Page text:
Shopping centre owners have removed some food court seating and are jointly talking about their ability to operate only partially-open malls for essential businesses.
Campbell Barbour, chairman of the NZ Council of Retail Property which represents some of the country's largest mall owners, said owners of some of the country's largest malls were having ongoing discussions about many issues including seating and social distancing.
But what happens to the hundreds of millions of dollars in rent when non-essential shops shut from tomorrow night remains up in the air.
"Health and operations are more important than commercial right now," Barbour said. "Rent is being talked about but it's not a priority. We've got big public places and we've got to manage these very well."
Executives from multi-billion dollar businesses Kiwi Property, Stride Property, Oyster, Colliers Management, Scentre Group, AMP, New Zealand Retail Property and Tinline Property were talking regularly about major issues, Barbour said.
The Australian newspaper has reported shopping centre owners "ripping seats out of dining courts as they rapidly refit their malls for an almost overnight shift to food delivery."
Their restaurants are fighting for survival as fearful diners stay away at a time when landlords are also battling to stabilise their businesses, as sharemarket investors abandon much of the once safe property sector, The Australian reported.
Barbour said: "Some [New Zealand malls] have removed seats from food courts. Some have closed food courts early. Some have changed the ratio of seating. We are all agreed on a re-ordering of seating to make sure we're socially distancing".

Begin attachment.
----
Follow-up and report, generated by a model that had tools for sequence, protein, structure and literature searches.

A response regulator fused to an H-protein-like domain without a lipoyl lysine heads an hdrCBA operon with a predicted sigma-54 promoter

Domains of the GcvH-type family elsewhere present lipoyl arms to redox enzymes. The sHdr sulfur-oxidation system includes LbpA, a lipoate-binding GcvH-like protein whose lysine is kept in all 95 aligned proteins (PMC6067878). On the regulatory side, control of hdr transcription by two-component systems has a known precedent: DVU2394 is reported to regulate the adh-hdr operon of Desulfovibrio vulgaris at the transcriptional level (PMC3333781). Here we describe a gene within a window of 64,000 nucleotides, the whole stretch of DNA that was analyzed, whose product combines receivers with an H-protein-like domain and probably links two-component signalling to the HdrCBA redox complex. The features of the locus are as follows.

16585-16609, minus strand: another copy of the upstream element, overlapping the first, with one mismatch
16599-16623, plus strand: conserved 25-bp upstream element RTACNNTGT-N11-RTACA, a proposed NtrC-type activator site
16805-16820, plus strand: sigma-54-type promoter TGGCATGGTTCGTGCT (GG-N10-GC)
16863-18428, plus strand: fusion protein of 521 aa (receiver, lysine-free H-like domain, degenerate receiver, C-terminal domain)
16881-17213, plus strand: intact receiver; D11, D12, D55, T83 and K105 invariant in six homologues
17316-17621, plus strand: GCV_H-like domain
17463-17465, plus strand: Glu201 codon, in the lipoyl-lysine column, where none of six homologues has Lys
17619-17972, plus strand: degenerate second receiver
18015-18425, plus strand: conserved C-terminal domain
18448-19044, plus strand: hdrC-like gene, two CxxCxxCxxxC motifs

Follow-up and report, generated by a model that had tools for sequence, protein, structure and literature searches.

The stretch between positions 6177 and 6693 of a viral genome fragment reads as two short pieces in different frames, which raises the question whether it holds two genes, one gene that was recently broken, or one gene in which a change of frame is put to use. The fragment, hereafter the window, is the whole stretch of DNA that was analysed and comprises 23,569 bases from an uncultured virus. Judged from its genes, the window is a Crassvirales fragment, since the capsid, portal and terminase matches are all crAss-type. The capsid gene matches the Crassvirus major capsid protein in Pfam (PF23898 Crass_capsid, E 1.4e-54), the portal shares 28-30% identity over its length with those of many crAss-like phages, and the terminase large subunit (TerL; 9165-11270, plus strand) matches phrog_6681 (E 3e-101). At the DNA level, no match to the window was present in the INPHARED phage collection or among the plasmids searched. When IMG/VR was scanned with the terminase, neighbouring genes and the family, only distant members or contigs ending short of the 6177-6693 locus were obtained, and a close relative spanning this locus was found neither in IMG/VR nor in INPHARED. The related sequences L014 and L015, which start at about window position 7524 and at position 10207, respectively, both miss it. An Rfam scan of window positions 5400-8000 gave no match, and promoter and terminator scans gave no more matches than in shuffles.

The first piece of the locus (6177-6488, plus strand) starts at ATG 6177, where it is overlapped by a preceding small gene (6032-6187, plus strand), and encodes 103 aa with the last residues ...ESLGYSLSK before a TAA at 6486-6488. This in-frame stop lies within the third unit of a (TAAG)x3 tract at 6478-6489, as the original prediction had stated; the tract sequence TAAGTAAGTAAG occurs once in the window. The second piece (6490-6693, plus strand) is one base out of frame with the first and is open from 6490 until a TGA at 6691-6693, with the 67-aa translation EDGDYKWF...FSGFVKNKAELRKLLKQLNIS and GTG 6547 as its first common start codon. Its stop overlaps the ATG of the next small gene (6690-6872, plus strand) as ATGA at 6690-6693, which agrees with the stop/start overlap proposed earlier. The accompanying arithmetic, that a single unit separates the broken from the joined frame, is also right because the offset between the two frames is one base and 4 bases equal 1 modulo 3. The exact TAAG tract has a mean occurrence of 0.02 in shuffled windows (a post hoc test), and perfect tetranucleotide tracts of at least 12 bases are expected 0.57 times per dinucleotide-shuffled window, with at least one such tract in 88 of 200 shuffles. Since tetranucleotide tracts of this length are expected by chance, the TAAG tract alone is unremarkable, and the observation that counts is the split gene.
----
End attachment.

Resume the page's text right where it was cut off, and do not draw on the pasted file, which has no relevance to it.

Barbour was reluctant to name malls which had removed the seats but said many had taken various measures for health and safety because people came first.
"As we understand it, we're able to operate up until tomorrow night," he said of existing arrangements with mall opening hours.
Malls which the owners manage include the giant Sylvia Park, Westgate, Milford, Westfields at Newmarket, Albany and Christchurch's Riccarton.
When the Covid-19 Alert Level 4 becomes operational at 11.59 on Wednesday night, he said owners than had to consider how to operate in a partially open phase for the next four weeks.
"So [some] shops will be shut but anchors at either end of the centres like supermarkets will stay open and these are very big places to keep partially operational. What are the health and safety requirements? What are the logistical challenges of getting people through the centres to say supermarkets or pharmacies?"
Barbour named aspects which managers and owners had been discussing in the last few days as "hours of operation, cleaning, security, management, safety, hygiene," and efficient management of electricity.
"These are the types of operational issues in big places. They're designed to be all-go," he said of the unusual circumstances which owners and managers now face.
Asked if centre management offices would even continue, he said core staff would be needed for the safe operation of centres "and to meet our obligations".